In 1964, Huntington Hartford established the Gallery of Modern Art in Manhattan to directly compete (but nonetheless co-mingle) with the authority of the Museum of Modern Art. While Hartford attempted to disrupt what he saw as MoMA’s equation of modern art with abstraction, and instead insert his own, vernacular version, MoMA itself had difficulty negotiating the shifting terrain of modern art. Sandra Zalman’s article will explore the ways in which each institution accounted for its art and its audience, as both museums presented divergent perspectives of modern art for public consumption. By asking who determines the boundaries of modern art, Zalman’s project will analyze Hartford’s efforts to dispute the legacy of modernism at a moment when its very definition was under assault by contemporary art.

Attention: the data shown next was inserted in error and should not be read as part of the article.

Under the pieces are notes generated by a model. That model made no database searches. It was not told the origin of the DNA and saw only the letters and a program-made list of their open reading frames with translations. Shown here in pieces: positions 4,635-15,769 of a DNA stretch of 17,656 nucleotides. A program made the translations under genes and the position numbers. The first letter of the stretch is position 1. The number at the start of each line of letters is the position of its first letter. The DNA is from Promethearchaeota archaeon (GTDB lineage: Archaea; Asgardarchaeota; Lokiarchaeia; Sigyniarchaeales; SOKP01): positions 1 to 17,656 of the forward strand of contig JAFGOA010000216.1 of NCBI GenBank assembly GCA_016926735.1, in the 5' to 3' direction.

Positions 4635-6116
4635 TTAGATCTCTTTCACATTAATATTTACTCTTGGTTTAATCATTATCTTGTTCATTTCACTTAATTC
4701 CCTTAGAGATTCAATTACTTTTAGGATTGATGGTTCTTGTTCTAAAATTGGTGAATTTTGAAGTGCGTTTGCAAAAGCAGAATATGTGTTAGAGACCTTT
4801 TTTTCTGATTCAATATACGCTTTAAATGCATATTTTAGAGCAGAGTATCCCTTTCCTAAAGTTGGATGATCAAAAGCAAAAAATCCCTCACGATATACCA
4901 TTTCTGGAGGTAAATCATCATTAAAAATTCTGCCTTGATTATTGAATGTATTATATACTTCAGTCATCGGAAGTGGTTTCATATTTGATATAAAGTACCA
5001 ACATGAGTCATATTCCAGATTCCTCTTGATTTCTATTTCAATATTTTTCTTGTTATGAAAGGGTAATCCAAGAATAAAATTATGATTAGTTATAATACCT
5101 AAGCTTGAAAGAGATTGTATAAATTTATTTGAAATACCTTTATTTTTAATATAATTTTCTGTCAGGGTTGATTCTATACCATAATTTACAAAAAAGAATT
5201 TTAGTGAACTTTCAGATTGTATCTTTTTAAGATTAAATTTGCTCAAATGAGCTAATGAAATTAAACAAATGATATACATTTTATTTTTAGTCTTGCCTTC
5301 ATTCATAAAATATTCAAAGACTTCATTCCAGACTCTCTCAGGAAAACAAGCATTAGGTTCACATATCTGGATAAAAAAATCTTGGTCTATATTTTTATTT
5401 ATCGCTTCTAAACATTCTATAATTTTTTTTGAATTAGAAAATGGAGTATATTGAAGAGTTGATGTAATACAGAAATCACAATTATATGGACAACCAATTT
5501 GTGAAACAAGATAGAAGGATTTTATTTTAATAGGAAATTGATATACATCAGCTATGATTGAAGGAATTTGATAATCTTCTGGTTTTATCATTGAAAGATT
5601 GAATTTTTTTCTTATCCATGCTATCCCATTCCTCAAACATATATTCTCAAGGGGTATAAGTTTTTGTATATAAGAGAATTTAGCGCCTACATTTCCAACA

Sandra Zalman is an Assistant Professor at the University of Houston. Her research focuses on institutions that consciously work to present contemporary art to public audiences, from museums to department stores, movies, and magazines, and her courses include “Museums and Problems of Display” and “The Spectacle in Art and Visual Culture.” She recently published “‘The Fur-Lined Museum’: Surrealism and the Museum of Modern Art in New York” in Histoire de l’Art and “The Non-u-ment: Gordon Matta-Clark and the Contingency of Space” in Octopus: Journal of Visual Culture History and Theory. Her current book project reconsiders the consumption of Surrealism in the U.S. as both an avant-garde and commercial phenomenon over the course of the twentieth century.